Acid reflux can cause chest pain.
More Info: Chest pain is a classic symptom of acid reflux usually felt as a burning pain behind the breastbone, but it is also a symptom of a variety of conditions, some life threatening. Chest pain should never be self-diagnosed.
Acid reflux, also known as gastroesophageal reflux (GER) happens when the lower esophageal sphincter (LES), the ring of muscle that keeps the esophagus (food tube) closed, relaxes too frequently. Increased amounts of stomach acid and other liquids that the body makes to help digest food, back up into the lower part of the esophagus, causing a burning pain in the chest. GER is often made worse by certain foods, like chocolate, peppermint, and foods that are greasy or spicy.
Practically everyone gets “heartburn” or “acid indigestion” from time to time, but two or more times a week may indicate that a person has gastroesophageal reflux disease (GERD). 
Chest Pain and Acid Reflux
A burning sensation in the chest is a classic symptom of acid reflux, but chest pain is also a symptom of other conditions, some life threatening. Acid reflux can occur at any time, but certain factors increase the likelihood of an attack. It usually occurs after eating, while lying down, or while bending over. You may have a sour taste in your mouth, especially when lying down. The burning sensation in the chest may begin in the upper abdomen and may radiate upward to the neck. Heartburn may last momentarily, but it can continue for a few hours. 
Chest Pain Has a Variety of Causes
If you need convincing that a physician should always diagnose chest pain, consider that any organ in the chest can cause chest pain. As well as acid reflux, it can be a symptom other gastrointestinal disorders such as gastritis, hiatal hernia, peptic ulcer, a muscle spasm in the esophagus, and a gallbladder attack. Chest pain can also be a symptom of lung problems such as a blood clot, lung collapse, pneumonia, and swelling of the lining of the lung. It can be a symptom of shingles or strain of the muscles and tendons between the ribs. It can even be a symptom of a panic attack.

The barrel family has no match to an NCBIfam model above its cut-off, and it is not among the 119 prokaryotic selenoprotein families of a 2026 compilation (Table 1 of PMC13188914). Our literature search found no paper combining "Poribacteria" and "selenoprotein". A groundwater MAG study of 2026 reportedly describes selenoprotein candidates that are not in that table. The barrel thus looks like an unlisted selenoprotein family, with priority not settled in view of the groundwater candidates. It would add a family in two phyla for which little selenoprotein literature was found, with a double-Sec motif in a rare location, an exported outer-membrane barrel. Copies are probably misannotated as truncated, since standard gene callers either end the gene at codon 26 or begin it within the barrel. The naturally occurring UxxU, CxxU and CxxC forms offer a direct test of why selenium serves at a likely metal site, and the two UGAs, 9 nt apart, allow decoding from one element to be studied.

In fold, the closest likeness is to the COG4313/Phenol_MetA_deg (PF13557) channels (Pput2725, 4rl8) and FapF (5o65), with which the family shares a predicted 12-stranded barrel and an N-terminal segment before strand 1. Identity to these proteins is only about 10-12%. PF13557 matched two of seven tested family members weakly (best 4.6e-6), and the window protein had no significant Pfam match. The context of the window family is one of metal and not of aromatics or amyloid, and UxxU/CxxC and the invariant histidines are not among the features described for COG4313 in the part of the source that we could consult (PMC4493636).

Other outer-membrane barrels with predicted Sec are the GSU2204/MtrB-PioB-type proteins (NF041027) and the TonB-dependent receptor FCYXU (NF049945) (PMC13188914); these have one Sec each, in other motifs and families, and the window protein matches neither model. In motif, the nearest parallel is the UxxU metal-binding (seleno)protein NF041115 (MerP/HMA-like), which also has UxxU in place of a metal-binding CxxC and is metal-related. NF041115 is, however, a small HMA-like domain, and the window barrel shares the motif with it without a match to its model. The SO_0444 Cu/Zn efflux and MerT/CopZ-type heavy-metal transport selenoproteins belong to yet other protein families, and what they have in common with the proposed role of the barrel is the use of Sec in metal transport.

It is also a classic sign of a heart attack.
Warning Signs that Chest Pain May Be Serious
A heart attack can present with many different symptoms for different people making it nearly impossible to tell what’s causing your chest pain, another reason not to self-diagnose. According to the Ohio State University Medical Center, there are some common warning signs of a heart attack, though individuals may experience different symptoms.
Chest pain may be a warning sign if you experience severe pressure, fullness, squeezing, pain/discomfort in the center of the chest that last for more than a few minutes; The chest pain spreads to the shoulders, neck, arms, or jaw; The chest pain increases in intensity and is not relieved by rest or taking nitroglycerin.
Also note any chest pain that occurs with sweating, cool clammy skin, paleness, shortness of breath, nausea or vomiting, dizziness or fainting, unexplained weakness or fatigue, or a rapid or irregular pulse, could be a warning sign. 
What Is Acid Reflux Disease?
 Mayo Clinic
Heartburn or Chest Pain: When Is it a Heart Attack?
 US National Library of Medicine-National Institutes of Health
 Ohio State University Medical Center
Chest Pain/Heart Attack Symptoms
Glossary of Terms
Angina: Chest pain caused by reduced blood flow to the heart muscle.
Aortic Dissection: A tear in the wall of the aorta.
Costochondritis: Inflammation where the ribs join the breastbone or sternum.
Pericarditis: Inflammation in the sac that surrounds the heart.
Pulmonary Embolism: A blood clot in the lung.
Pneumothorax: Collapse of the lung.
Pleurisy: Swelling around the lining of the lung.
“The number of noninjury ED visits made by persons aged 18 and over complaining of chest pain or abdominal pain rose from 1999 through 2008, but the proportion of those visits with a serious diagnosis did not increase. In fact, the percentage of visits for chest pain resulting in a diagnosis of ACS decreased, consistent with reported declines in hospitalizations for acute myocardial infarction.”